A lifetime of saving lives

LONG STINT: Warren Mannion has begun his 40th year as a paramedic – and has no intention of calling it quits any time soon. Photo: CHRIS SEABROOK 050916cpara1IT is a long way fromcompleting a butcher’s apprenticeship to notching up four decades as anambulance officer andparamedic, but Bathurstresident Warren Mannion is on the verge of doing just that.
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And he has no intention of stopping.

At least, no intention until his beloved Cronulla Sharks have finally won a premiership, anyway.

When he’s not copping jokes about the Sharks’ Amco Cup win and when that trophy might have some company, he is a father, a grandfather, and an overseer of the nextgeneration of local paramedics.

He has now entered his 40th year in the profession – which is a long time to be helping to save lives.

“My dad was a paramedic for 35 years, so it is in the blood. I was an ‘ambo baby’ and lived around stations the whole time I was growing up, so that made it a logical career path in some ways,” he said.

“I am actually a butcher by trade. I finished myapprenticeship and came home one day and saw mum watching the Granville train disaster on television and dad was actually on the coverage.

“After seeing that I made the decision that it was what I wanted to do.”

Initially, Mr Mannion was stationed at Rockdale, south of the Sydney city area, before a regional transfer, and he has stayed west of the Blue Mountains ever since.

“I did regional and remote postings. I worked on aeromedical and helicopter units for six years, which was a bit of an experience,” he said.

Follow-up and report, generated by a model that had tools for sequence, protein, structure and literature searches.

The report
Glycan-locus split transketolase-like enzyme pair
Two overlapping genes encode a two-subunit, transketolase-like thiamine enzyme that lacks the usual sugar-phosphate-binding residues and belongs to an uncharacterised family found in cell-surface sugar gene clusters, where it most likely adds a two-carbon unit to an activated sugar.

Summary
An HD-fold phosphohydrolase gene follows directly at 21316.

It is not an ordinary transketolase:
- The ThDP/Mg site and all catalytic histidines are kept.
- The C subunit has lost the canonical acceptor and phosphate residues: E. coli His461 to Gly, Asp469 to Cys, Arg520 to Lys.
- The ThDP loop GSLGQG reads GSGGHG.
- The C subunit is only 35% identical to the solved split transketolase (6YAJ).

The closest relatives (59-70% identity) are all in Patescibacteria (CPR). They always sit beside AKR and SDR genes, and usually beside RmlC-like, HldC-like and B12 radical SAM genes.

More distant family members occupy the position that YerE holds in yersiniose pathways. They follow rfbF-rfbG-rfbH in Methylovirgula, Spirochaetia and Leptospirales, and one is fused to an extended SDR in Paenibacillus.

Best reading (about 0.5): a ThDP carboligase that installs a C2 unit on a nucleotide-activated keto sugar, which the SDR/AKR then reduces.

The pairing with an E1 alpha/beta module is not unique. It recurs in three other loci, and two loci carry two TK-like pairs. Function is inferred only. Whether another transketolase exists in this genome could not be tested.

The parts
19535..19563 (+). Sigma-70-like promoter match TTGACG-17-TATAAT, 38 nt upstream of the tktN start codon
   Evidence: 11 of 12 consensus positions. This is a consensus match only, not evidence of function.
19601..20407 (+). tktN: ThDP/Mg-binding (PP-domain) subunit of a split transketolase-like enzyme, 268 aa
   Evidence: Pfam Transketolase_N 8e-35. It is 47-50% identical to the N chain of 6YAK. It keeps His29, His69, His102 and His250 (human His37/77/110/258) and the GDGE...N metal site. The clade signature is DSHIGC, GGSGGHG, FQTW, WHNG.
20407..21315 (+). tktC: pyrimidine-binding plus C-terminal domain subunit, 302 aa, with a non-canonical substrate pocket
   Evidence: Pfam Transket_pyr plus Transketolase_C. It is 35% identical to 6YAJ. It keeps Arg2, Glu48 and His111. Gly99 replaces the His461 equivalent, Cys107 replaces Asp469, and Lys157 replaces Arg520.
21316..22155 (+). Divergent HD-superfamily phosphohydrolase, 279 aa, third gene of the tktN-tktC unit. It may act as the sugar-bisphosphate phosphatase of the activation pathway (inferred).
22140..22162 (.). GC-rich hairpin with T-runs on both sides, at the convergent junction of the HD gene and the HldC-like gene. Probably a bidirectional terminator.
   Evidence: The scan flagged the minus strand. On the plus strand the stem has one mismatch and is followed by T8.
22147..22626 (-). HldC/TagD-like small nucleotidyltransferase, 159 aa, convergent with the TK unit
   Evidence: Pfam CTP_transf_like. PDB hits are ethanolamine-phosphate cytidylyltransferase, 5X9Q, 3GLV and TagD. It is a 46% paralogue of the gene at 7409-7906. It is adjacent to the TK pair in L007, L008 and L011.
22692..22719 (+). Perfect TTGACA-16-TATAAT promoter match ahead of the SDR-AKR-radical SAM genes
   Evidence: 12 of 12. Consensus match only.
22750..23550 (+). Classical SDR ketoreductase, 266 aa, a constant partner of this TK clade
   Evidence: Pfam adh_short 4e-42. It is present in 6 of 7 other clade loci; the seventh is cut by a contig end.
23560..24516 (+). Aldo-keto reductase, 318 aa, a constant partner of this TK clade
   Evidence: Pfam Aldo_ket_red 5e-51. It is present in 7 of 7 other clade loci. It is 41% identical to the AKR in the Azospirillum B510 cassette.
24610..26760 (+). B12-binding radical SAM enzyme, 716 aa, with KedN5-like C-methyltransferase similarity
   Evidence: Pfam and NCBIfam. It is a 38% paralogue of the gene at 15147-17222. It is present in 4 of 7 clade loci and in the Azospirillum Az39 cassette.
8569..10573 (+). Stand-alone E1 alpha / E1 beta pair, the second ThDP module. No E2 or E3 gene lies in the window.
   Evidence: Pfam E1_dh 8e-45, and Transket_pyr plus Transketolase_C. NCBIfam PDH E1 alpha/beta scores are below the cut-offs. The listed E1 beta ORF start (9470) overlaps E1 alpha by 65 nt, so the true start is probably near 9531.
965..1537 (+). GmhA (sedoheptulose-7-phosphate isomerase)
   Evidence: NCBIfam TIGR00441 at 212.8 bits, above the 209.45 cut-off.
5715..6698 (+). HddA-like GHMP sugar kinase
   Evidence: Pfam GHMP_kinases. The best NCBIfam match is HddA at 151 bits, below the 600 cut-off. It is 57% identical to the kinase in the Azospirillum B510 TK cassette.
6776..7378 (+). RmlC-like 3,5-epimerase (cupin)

“There have been a hell of a lot of things I’ve enjoyed about the job and, though it is starting to wind down a bit now and I’m more involved in paramedic education, it is still something I really enjoy.

“I’m an operational intensive care paramedic, but my main role now is assisting with the certification of currentparamedics and helping them maintain their skill-base and their qualifications.

“The whole profession changes a lot. It has changed so much since I started with the new drugs, equipment and skills that everyone needs to know.

“We are probably busier now than we have ever been, and everything has changed accordingly with that. The design of ambulances isobviously a lot different, and we even have electronically-operating stretchers now.”

In such a vital profession there have naturally been plenty of calls that Mr Mannion would prefer to forget, and in his job there isn’t much he hasn’t seen or had to deal with.

But on the flipside, thesatisfaction of saving lives and, in some cases, welcoming new life, is more than enough to make up for the bad days.

“You do see the sadness, the accidents and so forth that come with the job, but any time you can help deliver a baby is something amazing,” he said.

“It is a real high that you get from seeing a new life come into the world. That sort of thing makes it far easier to focus on the positives of the profession than the negatives.”

While his role as more of an educator than a regularlyrostered officer means that his career is beginning to wind down, he says he has nointention of giving it away just yet even if other things are starting to become a priority.

A dad to Tim and Jennifer and grandpa to Harry, Samara and Emerson, he spends as much time as he can with them as well as his partner Kat and her children Kobie, Kelsi and Mathew.

“Kat has spent the last 15 years as a paramedic as well, so it is hard to get away from it,” he said.

“The kids have all grown up and moved out; a few of them are doing uni. It is starting to get towards the end for me professionally, but I’ve still got a few years left in me. I might call it quits when the Sharks win a comp. I’m not holding my breath for that, though.”

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